Too many folks in the tea world play fast and loose with the term “tea master.” It seems the title is being adopted by anyone who feels they’ve studied or worked with tea for sufficient time – however arbitrarily long that may be, from years to weeks. To my mind, there are very few people deserving of this sobriquet. Nigel Melican of TeaCraft recently put it rather succinctly: “Tea Master” is perhaps a title that should only be awarded posthumously.
So I don’t use the word “master” lightly when I describe Noble Fleming.
Never heard of him? You’re not alone. Most consumers wouldn’t recognize the name.
Although he was a “behind the scenes” kind of guy, he was in fact one of the most powerful and influential tea men in the world. I’m sure you have heard of Lipton Tea, the best-selling tea in the USA? Mr. Fleming was no less than the director and chief taster for Royal Estates Tea, the purchasing subsidiary for Lipton, for almost fifty years. He and his remarkable palate were well known – almost legendary – within the tea industry.
Born in Wales in 1919, Mr. Fleming began his life’s work in tea at the age of nineteen, when a top Lipton tea taster took him on as an apprentice. In 1946, Lipton sent him to their USA headquarters in Englewood Cliffs, New Jersey, overlooking the Hudson River across from New York City.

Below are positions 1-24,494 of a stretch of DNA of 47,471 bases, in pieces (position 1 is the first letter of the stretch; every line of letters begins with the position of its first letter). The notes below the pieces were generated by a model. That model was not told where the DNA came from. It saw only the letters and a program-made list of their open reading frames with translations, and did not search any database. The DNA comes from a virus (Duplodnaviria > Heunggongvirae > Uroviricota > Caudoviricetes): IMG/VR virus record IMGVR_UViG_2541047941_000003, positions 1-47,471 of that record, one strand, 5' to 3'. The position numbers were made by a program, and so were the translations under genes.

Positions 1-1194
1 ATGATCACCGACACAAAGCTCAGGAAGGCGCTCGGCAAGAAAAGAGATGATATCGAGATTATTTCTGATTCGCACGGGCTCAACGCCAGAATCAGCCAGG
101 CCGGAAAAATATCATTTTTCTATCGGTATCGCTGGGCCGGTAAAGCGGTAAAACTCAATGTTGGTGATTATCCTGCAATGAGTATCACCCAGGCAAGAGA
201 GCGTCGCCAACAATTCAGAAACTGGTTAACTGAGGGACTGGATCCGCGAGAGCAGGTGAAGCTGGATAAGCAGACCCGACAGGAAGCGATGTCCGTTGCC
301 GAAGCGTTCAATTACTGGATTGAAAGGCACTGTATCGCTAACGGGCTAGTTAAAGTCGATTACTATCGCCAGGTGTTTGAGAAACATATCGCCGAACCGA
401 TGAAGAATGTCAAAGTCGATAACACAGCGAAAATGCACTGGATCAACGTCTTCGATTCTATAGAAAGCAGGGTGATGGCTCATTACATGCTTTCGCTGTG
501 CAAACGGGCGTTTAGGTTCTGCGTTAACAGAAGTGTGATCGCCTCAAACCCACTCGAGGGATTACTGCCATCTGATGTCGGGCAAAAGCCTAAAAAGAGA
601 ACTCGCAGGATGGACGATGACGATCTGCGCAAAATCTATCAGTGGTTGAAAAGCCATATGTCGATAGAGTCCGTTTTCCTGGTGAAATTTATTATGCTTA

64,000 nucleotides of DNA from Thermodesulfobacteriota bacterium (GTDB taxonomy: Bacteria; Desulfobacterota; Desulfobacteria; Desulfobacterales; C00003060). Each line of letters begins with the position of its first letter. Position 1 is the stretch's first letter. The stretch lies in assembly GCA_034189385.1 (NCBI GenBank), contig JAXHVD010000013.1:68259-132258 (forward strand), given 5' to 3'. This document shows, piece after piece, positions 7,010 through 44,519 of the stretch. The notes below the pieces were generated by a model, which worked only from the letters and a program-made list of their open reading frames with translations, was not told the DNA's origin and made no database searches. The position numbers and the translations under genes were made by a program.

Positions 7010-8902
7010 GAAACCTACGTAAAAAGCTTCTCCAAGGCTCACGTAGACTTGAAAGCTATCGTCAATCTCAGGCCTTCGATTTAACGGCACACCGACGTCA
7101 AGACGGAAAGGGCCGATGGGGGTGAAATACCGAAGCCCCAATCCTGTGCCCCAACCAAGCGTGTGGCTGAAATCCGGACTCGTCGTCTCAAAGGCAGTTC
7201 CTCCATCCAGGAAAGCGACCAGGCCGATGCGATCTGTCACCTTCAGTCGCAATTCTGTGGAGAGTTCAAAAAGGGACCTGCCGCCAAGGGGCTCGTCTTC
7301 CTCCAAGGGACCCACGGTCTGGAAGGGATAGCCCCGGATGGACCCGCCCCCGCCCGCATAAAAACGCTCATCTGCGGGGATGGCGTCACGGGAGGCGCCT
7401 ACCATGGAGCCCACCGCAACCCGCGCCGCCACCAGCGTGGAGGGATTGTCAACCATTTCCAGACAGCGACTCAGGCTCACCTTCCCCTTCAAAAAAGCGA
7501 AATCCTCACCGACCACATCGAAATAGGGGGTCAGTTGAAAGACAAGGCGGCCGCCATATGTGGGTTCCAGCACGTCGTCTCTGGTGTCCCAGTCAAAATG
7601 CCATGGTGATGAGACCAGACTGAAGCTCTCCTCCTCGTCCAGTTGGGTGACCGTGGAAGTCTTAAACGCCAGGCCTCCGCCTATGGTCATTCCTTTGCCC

He traveled to tea estates in India, Ceylon (now Sri Lanka), and Africa, but it was in New Jersey where he studied and tested the samples that would – or wouldn’t – measure up to his skilled and specific taste standards. He would then instruct Royal Estates’ representatives which teas to buy at auction. Clearly his decisions could make – or break – a tea garden.
Mr. Fleming was a pioneer of approaching tea as one approaches wine: an agricultural product that reflects its environment of origin. He would evaluate the growing conditions of the tea bushes according to elevation, terroir, climate, and weather, even taking into account how well each garden was managed. These are all standard procedures for today’s tea buyers and professional tasters – some of whom were fortunate enough to study with him. In 1983, Mr. Fleming retired to Normandy in France. Drinking all that tea for so many years undoubtedly had a beneficial effect on his health: He lived to be 92 years old.
Noble Fleming died on February 24, 2012. His was the life of a true tea master – a title he clearly merited not just posthumously, but in his lifetime as well.
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